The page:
Scott Frederick aims to change accessibility and safety awareness in Morgantown.
On June 11, everything changed for Scott Frederick, a local carpenter, reclaimer, and timber framer. While working at a job site, Frederick did not take the time to tie off with his safety harness—resulting in a nine-foot fall onto his feet, followed by eight weeks in a wheelchair.
Frederick’s wheelchair-bound daily routine is completely different from before. For one thing, he’s experiencing firsthand how inaccessible things can be for people relying on wheelchairs. Normal daily tasks, like going to the grocery store and getting up steps, are no longer straightforward for him.
Not only has he experienced the lack of accessibility—an issue he has begun speaking out about—but he says he’s also finding that he’s treated differently in a wheelchair than he ever was on two feet. Odd glances and long stares make going out in public uncomfortable for him. “I never realized how many looks someone in a wheelchair gets,” he says of his first time going into the grocery store after his accident. “I mean, I was standing two days ago.”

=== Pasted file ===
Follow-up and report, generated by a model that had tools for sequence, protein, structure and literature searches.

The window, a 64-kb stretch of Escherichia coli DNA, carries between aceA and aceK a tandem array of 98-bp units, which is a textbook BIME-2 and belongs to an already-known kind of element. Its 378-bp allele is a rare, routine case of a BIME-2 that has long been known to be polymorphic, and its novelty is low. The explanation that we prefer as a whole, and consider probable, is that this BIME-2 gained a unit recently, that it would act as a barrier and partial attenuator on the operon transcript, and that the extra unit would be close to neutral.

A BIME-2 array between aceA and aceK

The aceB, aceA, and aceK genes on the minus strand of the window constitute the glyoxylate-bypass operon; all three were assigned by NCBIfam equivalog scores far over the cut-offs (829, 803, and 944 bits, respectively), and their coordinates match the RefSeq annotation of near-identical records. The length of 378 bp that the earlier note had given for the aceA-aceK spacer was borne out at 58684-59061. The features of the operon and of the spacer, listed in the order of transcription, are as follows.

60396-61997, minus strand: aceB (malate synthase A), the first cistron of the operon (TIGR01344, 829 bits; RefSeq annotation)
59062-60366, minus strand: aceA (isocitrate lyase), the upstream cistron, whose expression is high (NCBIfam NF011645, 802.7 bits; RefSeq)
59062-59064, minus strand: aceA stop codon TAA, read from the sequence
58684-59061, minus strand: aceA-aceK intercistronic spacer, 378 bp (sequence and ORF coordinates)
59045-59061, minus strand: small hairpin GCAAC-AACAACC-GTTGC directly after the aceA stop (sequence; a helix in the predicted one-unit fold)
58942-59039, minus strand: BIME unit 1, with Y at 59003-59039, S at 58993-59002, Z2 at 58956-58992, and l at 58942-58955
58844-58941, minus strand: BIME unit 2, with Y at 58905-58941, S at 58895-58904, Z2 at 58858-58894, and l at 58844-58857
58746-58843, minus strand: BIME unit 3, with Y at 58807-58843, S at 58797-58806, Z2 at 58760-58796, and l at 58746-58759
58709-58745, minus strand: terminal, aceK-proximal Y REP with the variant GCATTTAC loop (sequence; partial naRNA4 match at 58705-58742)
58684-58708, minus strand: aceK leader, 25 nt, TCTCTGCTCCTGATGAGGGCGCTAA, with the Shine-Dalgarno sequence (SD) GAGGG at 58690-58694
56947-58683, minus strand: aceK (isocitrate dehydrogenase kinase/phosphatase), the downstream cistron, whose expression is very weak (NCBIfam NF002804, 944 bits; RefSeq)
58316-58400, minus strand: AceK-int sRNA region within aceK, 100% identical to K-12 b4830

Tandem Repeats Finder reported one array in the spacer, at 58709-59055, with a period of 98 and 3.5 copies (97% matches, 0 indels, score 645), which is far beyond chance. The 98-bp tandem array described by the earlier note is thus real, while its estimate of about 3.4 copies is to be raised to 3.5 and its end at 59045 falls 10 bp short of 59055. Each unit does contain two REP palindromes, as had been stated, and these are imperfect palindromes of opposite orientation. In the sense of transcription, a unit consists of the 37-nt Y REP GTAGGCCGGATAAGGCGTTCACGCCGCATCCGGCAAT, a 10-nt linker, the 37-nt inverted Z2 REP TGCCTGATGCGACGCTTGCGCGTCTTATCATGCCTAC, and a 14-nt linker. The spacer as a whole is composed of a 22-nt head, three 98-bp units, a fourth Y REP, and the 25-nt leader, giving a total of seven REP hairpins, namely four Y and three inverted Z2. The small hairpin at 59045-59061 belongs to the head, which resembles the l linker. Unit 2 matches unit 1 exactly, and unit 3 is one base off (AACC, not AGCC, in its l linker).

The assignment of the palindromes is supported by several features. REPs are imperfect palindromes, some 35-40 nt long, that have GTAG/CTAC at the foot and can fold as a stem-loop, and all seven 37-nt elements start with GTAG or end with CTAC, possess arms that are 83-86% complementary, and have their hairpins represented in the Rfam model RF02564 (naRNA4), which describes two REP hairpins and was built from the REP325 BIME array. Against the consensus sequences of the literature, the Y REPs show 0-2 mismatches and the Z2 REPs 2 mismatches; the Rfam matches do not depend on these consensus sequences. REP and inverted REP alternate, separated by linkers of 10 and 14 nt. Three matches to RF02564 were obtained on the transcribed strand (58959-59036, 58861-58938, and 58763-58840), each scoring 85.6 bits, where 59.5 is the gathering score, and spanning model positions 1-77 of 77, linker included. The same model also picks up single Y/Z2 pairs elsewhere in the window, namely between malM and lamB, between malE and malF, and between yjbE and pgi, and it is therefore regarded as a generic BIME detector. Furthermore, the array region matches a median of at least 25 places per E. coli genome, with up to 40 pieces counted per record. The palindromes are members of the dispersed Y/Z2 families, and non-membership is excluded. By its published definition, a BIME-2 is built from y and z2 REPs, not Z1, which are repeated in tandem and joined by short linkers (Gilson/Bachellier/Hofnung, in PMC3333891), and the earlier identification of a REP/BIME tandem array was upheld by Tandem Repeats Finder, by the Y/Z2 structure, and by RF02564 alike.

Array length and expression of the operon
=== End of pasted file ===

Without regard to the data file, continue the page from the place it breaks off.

Frederick has become a safety advocate and reminds us all that following safety protocol is crucial in any work environment. He emphasizes the importance of prioritizing self-care and mental health in one’s daily work. One of his own biggest takeaways has been not to push himself so hard that he puts deadlines before his own well-being. Your value in your career does not rely on whether you meet every deadline or not or how quickly you can get a job done, he says.
Frederick’s goal is to raise awareness of accessibility and safety. Since his accident, he has focused on speaking out and encouraging others to be more aware of what is going on around them. His hope is that his story makes people more aware and compassionate. “I want to raise education on this, hold everyone to a higher standard, and hope for people to recognize their privilege,” says Frederick.